A Legal Minute: A little bit of the legal side of the biz you can read in a minute.
The X-Employee of X-Factor
How valuable is it for a U.K. celebrity to have a following in the United States? Well, I think bands from the Beatles to the Spice Girls would argue that the opportunity to reach into the U.S. and the opportunity to expose themselves to our market is invaluable. In the television and film space the story is the same. So much so, that English actors from Laurence Olivier to Ricky Gervais have earned riches by bringing their talents to American audiences.
Now, raise your hand if you know who Cheryl Cole is…..anyone? In case you are not familiar with British pop music, Cheryl Cole actually has quite a following, as a former member of the girl band, Girls Aloud, and judge on the British version of X-Factor. Unfortunately for her career, not many Americans have been introduced to her talents.
Recently Cole made news by filing a lawsuit against X-Factor USA, a Simon Cowell (another U.K.’er we have embraced) import, for money she was promised in a contract that was terminated prior to a promised two-year stint as a judge for the American version of X-Factor. Prior to this, Cole had been a judge on three seasons of X-Factor U.K. and impressively built on her career.
Cole was reportedly released by X-Factor USA when there were concerns her accent would be difficult to understand and she would not connect with American audiences. For her trouble, she was paid the value of a year of the contract. Seems like a very nifty pay out for someone who did not have to actually do any work on the show. However, according to court filings, Cole claims she entered a “pay or play” contract that spanned two seasons worth of salary ($1.8 million year one and $2 million year two), along with expenses (including a $100,000 wardrobe allowance, a $25,000 stylist allowance, $15,000 per month for a hotel or apartment in L.A. and a $2,500-per-month living allowance).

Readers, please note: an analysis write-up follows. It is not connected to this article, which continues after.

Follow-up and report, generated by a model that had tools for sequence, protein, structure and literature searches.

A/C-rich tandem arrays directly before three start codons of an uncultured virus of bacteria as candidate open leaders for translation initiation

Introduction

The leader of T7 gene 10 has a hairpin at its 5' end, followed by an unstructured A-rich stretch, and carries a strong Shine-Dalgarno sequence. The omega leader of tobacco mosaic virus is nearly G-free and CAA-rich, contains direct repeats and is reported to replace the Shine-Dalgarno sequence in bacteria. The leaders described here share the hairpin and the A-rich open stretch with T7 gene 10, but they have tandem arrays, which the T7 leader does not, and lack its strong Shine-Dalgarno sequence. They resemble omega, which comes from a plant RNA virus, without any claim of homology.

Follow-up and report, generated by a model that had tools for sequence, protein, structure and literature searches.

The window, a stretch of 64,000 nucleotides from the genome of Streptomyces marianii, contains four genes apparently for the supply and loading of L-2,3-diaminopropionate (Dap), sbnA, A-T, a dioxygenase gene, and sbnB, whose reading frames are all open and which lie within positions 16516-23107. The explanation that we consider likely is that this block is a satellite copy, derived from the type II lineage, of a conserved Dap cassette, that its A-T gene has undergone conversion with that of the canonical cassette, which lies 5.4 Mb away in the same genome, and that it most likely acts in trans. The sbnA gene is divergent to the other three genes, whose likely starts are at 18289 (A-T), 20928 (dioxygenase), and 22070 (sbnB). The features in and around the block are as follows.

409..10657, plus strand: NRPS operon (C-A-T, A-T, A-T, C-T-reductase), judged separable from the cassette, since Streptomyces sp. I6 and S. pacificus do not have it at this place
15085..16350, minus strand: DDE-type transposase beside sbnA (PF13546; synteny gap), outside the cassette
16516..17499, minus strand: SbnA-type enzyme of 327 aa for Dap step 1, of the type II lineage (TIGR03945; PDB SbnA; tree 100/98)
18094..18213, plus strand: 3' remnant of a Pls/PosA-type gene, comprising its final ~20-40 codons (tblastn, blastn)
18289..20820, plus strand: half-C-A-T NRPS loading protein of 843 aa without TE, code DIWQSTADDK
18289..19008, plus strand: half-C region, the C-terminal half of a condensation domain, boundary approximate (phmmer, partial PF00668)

So what exactly is a “pay or play” contract? A pay-or-play contract is a contract in which one party agrees to perform and the other agrees to pay for the promised performance. The second party agrees to pay even without demanding a performance. Such contracts are not unusual in the entertainment industry. What is unusual here, though, is that such a lawsuit is being filed after Cole received such a handsome payout (salary for the first season) for only a few weeks of work. X-Factor USA lawyers will no doubt claim that an equitable argument can be made that the money Cole received was more than fair compensation for having her contract terminated so quickly. Thus, Cole’s case is not exactly a slam-dunk.
So why file suit? Money of course, but I think even more so it’s about the lost opportunity to market oneself in the United States, which quite possibly could have made Cheryl Cole a household name here and afforded her even more money-making opportunities.
Roberto “R.C.” Rondero de Mosier is an attorney licensed to practice law in Texas, California, New York and Illinois. He is a partner at Gonzalez & Mosier Law PLLC. His practice specializes in Entertainment Law and Intellectual Property rights. In his spare time he enjoys watching television and films, and writing about it. Follow him on Twitter @showbizattorney, or e-mail him at email@example.com.
A Legal Minute: From "Nipplegate" to "Nude Awakening" I’m not sure if you remember February 1, 2004...
A Legal Minute: Scientolowhat? A legal Discussion of the Tom Cruise/Katie Holmes Divorce and Custody...
A Legal Minute: Marilyn Monroe Images, A little bit of the legal side "Some Like It Public Domai...
A Legal Minute: One Big Happy "Modern Family" If you’re a television fan, you could not help but no...